At downtown Los Angeles’ Sari Sari Store, bags of chips, jars of preserves and packets of dry noodles adorn the front of the stall. Colorful tins and containers hold a variety of spices and condiments essential to Pinoy food. Sari Sari could easily be mistaken for a general store in Manila, where one can purchase anything from toothpaste and newspaper to rice and mops.
However, this particular location, in the middle of Los Angeles’ Grand Central Market, is the brainchild of husband-and-wife chef duo Walter and Margarita Manzke. Owners and operators of some of Los Angeles’ best restaurants, like République and Petty Cash Taqueria, the Manzkes brought the quirky food stall to life by anticipating just when Filipino food would have its mainstream moment. “Adobo Fried Rice,” “Lechon Kawali,” “Buko Pie” and good old halo-halo are just a few of the staples available at Sari Sari Store today.
Raised in the Philippines, Chef Margarita was born into a family of chefs and bakers. Her grandmother, mother and relatives owned and operated restaurants that Margarita worked at throughout her younger years, developing a palate for flavorful food. On her father’s advice, Margarita headed to London to study pastry at Le Cordon Bleu, and then went on to receive a degree in Culinary Arts from New York’s Culinary Institute of America. “It was such an eye-opening experience,” Margarita says, reminiscing on her time spent in training. “It was the first time we were exposed to caviar, dover sole, truffles and other luxury ingredients we never had access to in the Philippines.”
If moving to a new country, working long grueling hours in the kitchen and poring over cookbooks was a challenge, Margarita doesn’t carry any scars. Instead, she remembers only the thrill and excitement of the ride, elated to be immersed in doing what she loves. After graduating, she worked with culinary giants like Josiah Citrin, Wolfgang Puck and Joachim Splichal before turning her sights on opening restaurants with her husband and business partner, Walter. What followed was a bevy of top-notch eateries: Petty Cash Taqueria, République, Sari Sari Store and now Bicyclette, which is set to launch this spring.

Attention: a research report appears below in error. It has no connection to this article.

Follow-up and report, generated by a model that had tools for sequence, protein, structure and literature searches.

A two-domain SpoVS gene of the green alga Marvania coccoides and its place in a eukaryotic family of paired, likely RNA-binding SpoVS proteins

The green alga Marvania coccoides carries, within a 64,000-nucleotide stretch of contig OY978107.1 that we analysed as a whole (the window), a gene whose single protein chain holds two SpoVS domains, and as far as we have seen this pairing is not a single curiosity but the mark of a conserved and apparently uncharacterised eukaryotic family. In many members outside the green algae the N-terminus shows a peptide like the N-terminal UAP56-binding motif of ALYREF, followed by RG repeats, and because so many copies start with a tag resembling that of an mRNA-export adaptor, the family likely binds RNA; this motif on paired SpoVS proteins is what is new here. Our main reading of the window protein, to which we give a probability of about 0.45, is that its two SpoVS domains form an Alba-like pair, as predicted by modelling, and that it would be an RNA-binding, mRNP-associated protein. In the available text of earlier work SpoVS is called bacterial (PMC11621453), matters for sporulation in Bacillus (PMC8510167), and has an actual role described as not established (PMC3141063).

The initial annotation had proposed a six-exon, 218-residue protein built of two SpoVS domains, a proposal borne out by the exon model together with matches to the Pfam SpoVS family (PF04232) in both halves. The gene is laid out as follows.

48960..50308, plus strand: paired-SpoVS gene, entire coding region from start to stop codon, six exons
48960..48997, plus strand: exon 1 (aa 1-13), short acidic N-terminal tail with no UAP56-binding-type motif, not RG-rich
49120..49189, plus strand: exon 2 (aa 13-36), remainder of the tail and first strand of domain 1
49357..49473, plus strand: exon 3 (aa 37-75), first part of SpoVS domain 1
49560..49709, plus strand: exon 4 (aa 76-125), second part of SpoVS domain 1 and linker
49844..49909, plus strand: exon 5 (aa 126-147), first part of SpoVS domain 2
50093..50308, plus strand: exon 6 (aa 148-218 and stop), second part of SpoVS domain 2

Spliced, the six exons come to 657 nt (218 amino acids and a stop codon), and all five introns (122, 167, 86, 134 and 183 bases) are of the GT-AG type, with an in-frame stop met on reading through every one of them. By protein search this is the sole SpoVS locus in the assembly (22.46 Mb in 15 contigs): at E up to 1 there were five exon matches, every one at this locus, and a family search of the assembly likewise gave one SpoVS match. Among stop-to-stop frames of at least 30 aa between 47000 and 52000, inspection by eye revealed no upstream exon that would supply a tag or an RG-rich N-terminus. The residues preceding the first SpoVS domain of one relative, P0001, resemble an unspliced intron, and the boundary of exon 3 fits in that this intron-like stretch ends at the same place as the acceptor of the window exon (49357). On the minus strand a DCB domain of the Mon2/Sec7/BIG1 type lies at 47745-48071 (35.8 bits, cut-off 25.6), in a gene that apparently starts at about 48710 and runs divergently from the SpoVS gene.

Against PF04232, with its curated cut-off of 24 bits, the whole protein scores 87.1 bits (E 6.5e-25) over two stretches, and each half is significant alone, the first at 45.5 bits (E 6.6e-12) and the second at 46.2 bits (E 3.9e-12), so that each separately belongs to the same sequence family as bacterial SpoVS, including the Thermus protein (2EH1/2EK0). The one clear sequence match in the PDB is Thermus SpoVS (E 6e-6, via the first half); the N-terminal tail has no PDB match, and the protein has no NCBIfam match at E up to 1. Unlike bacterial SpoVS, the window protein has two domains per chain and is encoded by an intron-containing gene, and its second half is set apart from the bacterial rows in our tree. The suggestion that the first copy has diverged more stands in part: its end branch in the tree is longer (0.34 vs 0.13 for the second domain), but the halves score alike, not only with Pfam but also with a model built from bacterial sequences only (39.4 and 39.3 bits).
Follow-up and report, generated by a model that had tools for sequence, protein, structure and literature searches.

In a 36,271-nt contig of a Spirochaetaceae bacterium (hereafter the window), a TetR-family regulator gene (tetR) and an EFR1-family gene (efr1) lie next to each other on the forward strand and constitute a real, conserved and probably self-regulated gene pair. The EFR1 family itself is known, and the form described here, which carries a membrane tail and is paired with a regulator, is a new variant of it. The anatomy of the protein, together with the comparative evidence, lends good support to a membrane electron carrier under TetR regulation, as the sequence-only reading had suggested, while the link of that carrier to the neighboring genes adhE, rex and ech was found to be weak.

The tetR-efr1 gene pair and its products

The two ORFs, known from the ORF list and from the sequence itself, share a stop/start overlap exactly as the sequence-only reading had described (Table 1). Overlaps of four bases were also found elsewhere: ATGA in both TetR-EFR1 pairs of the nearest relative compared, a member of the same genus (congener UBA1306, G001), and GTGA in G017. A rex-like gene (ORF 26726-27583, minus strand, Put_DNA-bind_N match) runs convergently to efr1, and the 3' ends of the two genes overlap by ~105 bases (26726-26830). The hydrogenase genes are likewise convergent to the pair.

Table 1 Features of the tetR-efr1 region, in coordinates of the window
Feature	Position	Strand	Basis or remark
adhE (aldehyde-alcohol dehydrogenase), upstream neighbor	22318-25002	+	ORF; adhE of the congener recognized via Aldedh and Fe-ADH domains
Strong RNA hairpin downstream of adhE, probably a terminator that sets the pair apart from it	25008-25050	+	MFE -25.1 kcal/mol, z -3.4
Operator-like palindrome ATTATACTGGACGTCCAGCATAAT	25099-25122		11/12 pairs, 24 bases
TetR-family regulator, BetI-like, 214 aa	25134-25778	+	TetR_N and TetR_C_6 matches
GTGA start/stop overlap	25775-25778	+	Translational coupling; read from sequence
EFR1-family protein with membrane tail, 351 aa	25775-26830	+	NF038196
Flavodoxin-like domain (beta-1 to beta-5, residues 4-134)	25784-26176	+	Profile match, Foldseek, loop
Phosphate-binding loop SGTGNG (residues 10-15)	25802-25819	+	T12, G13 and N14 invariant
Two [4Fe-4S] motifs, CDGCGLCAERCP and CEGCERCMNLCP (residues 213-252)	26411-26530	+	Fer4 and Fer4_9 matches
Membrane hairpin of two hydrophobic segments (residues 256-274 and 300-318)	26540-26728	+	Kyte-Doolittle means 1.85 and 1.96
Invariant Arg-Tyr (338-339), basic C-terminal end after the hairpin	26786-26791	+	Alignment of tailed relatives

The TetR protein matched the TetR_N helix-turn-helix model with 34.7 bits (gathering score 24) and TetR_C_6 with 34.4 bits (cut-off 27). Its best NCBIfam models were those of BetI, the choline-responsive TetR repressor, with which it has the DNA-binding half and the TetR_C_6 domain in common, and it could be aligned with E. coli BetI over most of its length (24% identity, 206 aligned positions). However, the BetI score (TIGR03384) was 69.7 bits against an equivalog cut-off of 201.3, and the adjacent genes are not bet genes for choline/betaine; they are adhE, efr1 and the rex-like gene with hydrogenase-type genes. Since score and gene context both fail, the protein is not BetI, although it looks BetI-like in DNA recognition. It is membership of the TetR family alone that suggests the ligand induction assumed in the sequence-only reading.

Los Angeles has become a hub for global cuisine, brought to patrons by incredibly talented chefs who represent their cultures. So when the space at Grand Central became available, it felt like the perfect opportunity to bring Filipino food to a diverse group of people. At Sari Sari Store, the menu is based around silog, savory rice bowls containing fried rice, protein and a fried egg, the perfect gateway to Pinoy cuisine. “It’s a small introduction to Filipino food,” says Margarita. “Everybody understands it and the flavors are there.”
Though some traditional Filipino ingredients are switched out for locally available substitutes, the results are a strong nod back to Margarita’s heritage. In the halo-halo, which traditionally means “mix mix,” she opts for fresh fruit and locally available ingredients over preserved fruit, which are typically placed in large jars at the fronts of sari sari stores in the Philippines. The buko pie is a luxurious coconut custard with a flaky pie crust (expect no less from the hands of pastry wizard Margarita), and cream topped with jelly-like slices of young coconut.
For Margarita, traveling the world is a vital way to introduce her two children to different cultures and the myriad of delicious food each country has to offer. “I’ve never seen so many different kinds of bread,” she recounts of a recent trip to India. The Manzkes often visit their family back in the Philippines so that the children remain connected to their rich heritage. “When they see something different from the usual, it allows them to be receptive of new things.”
March 30, 2020: Sari Sari Store remains open Sundays through Tuesdays and Thursdays through Fridays for pickup, takeout and delivery options.